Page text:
Honduras ex-first lady says presidential bid not meant to protect herself after husband’s conviction

Ana García de Hernández, Honduras' former first lady, speaks during an interview in Tegucigalpa, Honduras, Thursday, March 14, 2024. García de Hernández says her decision to seek the presidency next year is about showing the world the injustice that was done to her recently convicted husband, not an attempt to protect herself from prosecution as some allege. (AP Photo/Elmer Martinez)

Ana García de Hernández, Honduras’ former first lady, speaks during an interview in Tegucigalpa, Honduras, Thursday, March 14, 2024. García de Hernández says her decision to seek the presidency next year is about showing the world the injustice that was done to her recently convicted husband, not an attempt to protect herself from prosecution as some allege. (AP Photo/Elmer Martinez)

TEGUCIGALPA, Honduras (AP) — Former Honduras first lady Ana García de Hernández said Thursday that her decision to seek the presidency next year is about showing the world the injustice that was done to her recently convicted husband and defending Honduras’ reputation, not an attempt to protect herself from prosecution as some allege.

In an interview with The Associated Press in the same Tegucigalpa home where police arrested her husband Juan Orlando Hernández in February 2022, on a United States extradition request, she maintained her husband’s innocence and said the U.S. government had stained not only her family, but all Hondurans.

“For me it was painful to see that from another country they judged our nation because they tried an ex-president who was the head of Honduras,” she said. “They accused him of being a drug trafficker and Honduras of being a narco-state, when it is the complete opposite.”

“With the affront they have made to Honduras, I want to raise my voice,” she said, noting that Hondurans should feel indignant. “This (presidential run) is a platform from which I am going to do that.”

García de Hernández said that in conversations with Hernández since his conviction in a Manhattan courtroom last Friday, he told her “this is another test and we are going to continue exhausting appeals; the world saw the injustice that was committed and we have to remain standing.”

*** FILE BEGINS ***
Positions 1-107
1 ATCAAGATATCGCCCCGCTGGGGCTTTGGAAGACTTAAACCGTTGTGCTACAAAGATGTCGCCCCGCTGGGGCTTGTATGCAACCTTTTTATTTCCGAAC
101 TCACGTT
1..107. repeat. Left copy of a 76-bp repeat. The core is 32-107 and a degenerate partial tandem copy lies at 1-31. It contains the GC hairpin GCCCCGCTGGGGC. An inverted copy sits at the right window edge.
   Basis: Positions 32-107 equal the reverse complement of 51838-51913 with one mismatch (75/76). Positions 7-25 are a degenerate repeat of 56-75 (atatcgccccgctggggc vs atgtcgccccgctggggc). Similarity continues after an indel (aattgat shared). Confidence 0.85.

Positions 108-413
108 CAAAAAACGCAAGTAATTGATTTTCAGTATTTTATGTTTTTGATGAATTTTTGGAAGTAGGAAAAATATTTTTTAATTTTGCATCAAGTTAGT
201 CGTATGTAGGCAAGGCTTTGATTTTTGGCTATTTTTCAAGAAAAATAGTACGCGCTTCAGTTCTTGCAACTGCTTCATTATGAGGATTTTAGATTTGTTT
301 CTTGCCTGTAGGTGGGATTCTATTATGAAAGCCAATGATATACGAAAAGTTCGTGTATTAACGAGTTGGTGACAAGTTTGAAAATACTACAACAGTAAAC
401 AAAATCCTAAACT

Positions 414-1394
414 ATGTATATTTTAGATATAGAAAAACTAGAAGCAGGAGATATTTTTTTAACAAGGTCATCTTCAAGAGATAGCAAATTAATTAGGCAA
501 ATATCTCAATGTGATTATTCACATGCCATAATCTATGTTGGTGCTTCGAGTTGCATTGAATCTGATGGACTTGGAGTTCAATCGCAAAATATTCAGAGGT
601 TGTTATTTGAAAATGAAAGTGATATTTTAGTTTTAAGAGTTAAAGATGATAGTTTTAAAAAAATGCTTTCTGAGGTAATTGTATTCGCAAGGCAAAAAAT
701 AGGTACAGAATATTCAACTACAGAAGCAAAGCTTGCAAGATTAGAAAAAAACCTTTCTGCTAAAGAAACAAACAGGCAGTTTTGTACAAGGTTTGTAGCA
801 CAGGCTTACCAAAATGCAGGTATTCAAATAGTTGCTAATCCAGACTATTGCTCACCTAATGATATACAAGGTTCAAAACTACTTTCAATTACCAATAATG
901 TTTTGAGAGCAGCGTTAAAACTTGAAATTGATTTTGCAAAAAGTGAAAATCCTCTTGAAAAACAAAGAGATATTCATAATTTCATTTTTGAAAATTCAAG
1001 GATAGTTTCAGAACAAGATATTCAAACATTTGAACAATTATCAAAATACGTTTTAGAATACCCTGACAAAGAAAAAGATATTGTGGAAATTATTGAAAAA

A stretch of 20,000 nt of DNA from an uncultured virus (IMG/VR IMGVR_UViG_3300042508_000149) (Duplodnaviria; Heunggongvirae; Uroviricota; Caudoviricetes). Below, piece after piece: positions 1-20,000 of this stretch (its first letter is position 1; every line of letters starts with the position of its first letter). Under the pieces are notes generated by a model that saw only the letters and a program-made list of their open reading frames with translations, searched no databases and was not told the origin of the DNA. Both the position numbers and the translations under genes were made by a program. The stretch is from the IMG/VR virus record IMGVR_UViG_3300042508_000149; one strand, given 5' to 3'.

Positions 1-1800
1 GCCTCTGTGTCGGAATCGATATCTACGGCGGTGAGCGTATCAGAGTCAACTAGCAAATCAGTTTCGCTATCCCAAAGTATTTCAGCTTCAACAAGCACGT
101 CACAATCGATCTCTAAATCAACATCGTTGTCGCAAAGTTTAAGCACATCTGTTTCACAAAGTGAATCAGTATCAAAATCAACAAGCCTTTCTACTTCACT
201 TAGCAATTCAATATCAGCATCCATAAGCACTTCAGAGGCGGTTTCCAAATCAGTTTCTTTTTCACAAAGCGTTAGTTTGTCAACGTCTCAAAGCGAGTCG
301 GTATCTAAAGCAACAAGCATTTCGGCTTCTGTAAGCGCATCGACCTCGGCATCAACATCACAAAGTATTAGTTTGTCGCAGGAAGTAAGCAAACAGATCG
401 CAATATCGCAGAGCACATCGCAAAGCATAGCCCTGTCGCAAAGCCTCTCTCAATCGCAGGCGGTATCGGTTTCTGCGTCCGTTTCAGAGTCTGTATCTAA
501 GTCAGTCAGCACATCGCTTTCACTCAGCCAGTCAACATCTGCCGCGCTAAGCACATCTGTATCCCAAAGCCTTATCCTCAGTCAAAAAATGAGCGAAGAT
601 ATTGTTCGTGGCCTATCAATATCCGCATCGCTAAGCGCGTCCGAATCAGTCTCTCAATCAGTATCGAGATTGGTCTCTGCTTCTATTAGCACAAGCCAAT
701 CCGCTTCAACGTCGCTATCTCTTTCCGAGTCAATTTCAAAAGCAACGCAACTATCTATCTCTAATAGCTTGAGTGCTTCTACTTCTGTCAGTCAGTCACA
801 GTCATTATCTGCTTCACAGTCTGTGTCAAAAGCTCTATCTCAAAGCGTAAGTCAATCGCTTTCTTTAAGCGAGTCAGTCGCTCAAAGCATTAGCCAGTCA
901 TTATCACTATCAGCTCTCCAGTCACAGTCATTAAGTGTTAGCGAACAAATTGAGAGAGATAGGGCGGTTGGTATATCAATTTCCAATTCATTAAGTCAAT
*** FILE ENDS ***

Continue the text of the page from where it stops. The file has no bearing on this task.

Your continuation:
Hernández’s arrest came just three weeks after he left office and was followed by his extradition in April 2022. His two-week trial ended last week when he was convicted of charges that he conspired with drug traffickers and used Honduras’ military and police to help move tons of cocaine north to the United States.

García de Hernández announced Tuesday in a news conference that she would seek the nomination of the National party, her husband’s party and one of the main opposition parties. Honduras’ national elections are scheduled for Nov. 30, 2025.

She said many within the National party have expressed their support for her bid and that she has received many messages of support from Hondurans across the country. The decision was not taken in haste, she said, but after much consideration.

Some politicians immediately suggested her bid for the presidency was an attempt to protect herself from prosecution. García de Hernández has not been charged with any crimes.

García de Hernández did not rule out that prosecutors could pursue her, but she noted that her name never came up in the U.S. case and she has done nothing wrong, so there would be no basis for a case.

“There could be investigations, I imagine there will be, but here I am,” she said. “I’m not fleeing.”

Hernández’s brother, Juan Antonio “Tony” Hernández was sentenced to life in prison in the United States on drug and weapons charges in March 2021.

U.S. prosecutors called Hernández’s presidency “state-sponsored drug trafficking,” despite parts of the U.S. government praising Hernández over the years for his cooperation in the fight against drug trafficking.

García de Hernández, herself a lawyer, spoke at length about a lack of hard evidence presented by U.S. prosecutors, who relied on testimony from drug traffickers she said were seeking revenge against her husband.

She noted meetings her husband had with Presidents Barack Obama, Donald Trump and Joe Biden when he was vice president, as well as meetings he had inside CIA headquarters and with the U.S. Southern Command.

“Were they going to reveal these operations to a drug trafficker?” she asked, adding that her husband’s conviction sends a chilling message to other Latin American leaders.

“Who is going to want to fight against criminality if in the end they’re going to receive a life sentence?” she said.

____

Follow AP’s coverage of Latin America and the Caribbean at https://apnews.com/hub/latin-america

International Headlines

Copyright 2024 Nexstar Media Inc. All rights reserved. This material may not be published, broadcast, rewritten, or redistributed AP

Trending on NewsNation